Wednesday, January 23, 2019
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Israeli State Attorney finds it difficult to defend 'Boycott Law'

State asks Supreme Court for another postponement in answering Supreme Court appeals against "Boycott Law"; Gush Shalom: State Attroeny's Office finds it hard to a defense for a law to which it strongly objected.

The State Attorney's Office asked the Supreme Court judges to give them  more time for answering the appeals lodged against the "Boycott Law". It is now nearly six months since the Knesset adopted this law in a stormy late-night session. Gush Shalom appealed the very next morning, and later came additional appeals by KM Ahmad Tibi and by a citizen group headed by Adv. Adi Barkai. However, the State Attorney was unable to keep the date set by the judges for giving his response, again and again asking for more time and arguing that "the relevant parties must formulate clearly their positions".

Att. Gaby Lasky, representing Gush Shalom, asked the court to require the state to submit its position with no further delays, because everyone involved already had more than enough time to study the issue. In fact, the relevant parties had formulated their positions already before the Knesset passed the law, and already presented their position to the Knesset itself at the time when its the Legislative Committee debated the law in preparation for the second and third reading. At that meeting Adv. Raz Nizri, Deputy State Attorney, stated that this law was "a borderline case".

Adam Keller, Gush Shalom spokesman, commented: "I can sympathize with the situation of the State Attorney's staff, who find it difficult to formulate a defense for a law with which they were themselves not happy, to say the least, and having tried their best to dissuade the right-wing majority in the Knesset from enacting it".

Keller noted that the law already came into effect long since, and that under it anyone who calls for a boycott of the settlements and their products is liable to be prosecuted and heavily fined, in practice not a single such lawsuit has as yet been filed. "Actually, there had never been so many calls for a boycott of settlement products since the law was enacted intended to outlaw such calls. Various private persons, groups and movements – who had not participate in the boycott campaign conducted by Gush Shalom from 1996 until the enactment of the Boycott Law in July 2011 -  came out with such boycott calls, in the press and on Facebook, precisely following the enactment of this law.  Hundreds of people signed their name on such ads and petitions, knowingly and consciously exposing themselves to the risk of heavy lawsuits. In the sphere of public discourse, this law in effect constitutes a self-goal scored by the settlers and their supporters in their own net."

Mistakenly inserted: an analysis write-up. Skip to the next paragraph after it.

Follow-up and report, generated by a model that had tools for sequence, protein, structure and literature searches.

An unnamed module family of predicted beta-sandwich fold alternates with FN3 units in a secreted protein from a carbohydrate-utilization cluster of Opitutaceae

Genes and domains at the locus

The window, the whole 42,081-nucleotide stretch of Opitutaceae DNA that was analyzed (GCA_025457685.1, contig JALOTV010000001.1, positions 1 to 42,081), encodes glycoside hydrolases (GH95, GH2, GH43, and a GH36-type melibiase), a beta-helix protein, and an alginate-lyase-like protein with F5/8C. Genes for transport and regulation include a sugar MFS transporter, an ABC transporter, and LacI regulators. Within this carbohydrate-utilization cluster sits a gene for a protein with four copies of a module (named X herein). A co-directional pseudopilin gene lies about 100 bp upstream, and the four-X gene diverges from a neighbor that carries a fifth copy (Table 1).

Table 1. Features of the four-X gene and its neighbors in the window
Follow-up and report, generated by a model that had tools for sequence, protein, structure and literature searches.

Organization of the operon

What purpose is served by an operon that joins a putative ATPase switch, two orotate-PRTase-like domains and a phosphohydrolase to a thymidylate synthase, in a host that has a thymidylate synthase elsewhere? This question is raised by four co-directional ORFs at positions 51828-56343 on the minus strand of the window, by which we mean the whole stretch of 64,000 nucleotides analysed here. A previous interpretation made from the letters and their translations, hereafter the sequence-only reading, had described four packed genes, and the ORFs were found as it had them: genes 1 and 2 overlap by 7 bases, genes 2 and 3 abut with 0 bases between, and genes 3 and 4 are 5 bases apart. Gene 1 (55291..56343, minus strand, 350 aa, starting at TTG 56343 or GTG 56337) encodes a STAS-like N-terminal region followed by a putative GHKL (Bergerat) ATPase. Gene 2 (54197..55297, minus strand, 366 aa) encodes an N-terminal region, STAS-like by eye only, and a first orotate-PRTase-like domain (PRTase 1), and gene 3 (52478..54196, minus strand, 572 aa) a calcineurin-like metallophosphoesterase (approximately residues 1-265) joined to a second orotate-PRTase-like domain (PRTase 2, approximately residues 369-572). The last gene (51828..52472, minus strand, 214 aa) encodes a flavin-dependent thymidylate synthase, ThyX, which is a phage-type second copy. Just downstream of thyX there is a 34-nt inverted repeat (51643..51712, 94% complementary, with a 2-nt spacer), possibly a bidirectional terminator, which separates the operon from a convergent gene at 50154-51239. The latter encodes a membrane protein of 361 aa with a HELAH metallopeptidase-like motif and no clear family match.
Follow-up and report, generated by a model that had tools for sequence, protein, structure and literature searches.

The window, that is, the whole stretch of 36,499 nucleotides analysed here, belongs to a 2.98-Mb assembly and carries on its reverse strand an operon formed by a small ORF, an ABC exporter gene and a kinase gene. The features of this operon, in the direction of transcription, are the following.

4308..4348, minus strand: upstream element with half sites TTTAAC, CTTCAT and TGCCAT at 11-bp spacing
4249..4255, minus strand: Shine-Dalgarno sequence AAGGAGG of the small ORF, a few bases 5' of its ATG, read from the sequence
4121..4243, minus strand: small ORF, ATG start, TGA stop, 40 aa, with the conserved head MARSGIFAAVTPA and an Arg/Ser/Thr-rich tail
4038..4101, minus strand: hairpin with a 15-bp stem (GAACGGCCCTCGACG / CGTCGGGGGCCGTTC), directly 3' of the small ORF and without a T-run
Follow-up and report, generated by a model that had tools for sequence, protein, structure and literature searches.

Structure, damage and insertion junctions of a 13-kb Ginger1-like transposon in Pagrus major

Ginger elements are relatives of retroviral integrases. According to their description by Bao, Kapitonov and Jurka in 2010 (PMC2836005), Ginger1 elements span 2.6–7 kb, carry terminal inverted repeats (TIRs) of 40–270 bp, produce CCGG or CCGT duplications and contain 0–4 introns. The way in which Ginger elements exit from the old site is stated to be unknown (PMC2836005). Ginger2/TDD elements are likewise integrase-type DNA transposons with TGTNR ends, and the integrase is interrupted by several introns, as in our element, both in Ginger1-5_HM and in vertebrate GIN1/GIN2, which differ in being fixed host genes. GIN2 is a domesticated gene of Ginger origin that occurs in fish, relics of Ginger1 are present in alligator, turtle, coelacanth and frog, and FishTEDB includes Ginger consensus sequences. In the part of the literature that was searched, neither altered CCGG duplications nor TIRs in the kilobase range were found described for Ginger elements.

Keller added: "We intend to file with the Supreme Court as an exhibit an advertisement published by the Religious Council and the Municipal Rabbinate of the city of Holon. Under the heading of 'Let the public observe and take care', it calls upon the city's residents not to buy at a particular shop whose name and address were prominently noted in the ad. That, because the shop owners do not maintain a strict separation between meat and milk, as required by Judaism's dietary laws. Throughout the country, such ads are regularly published by the Chief Rabbinate and municipal Rabbinate, indicating the names and addresses of shops and restaurants and urgently calling upon the public not to buy there.
We do not dispute the right of rabbis to publish such calls. A large section of the public in this country strongly cares about maintaining a separation between meat and milk, and those people have the right for watchdog to alert them on such issues. But there is also a large section of the public which cares just as deeply about the difference between the internationally recognized sovereign territory of Israel and the Occupied Territories, between a legitimate community and a settlement established in violation of International Law. This part of the public, too, has the right to have a watchdog to watch and warn them about products coming from settlements. We ask the Supreme Court to remove the gag which this law tried to place on this watchdog."

Adam Keller, Gush Shalom Spokesperson 054-2340749
Attorney Gaby Lasky  054-4418988

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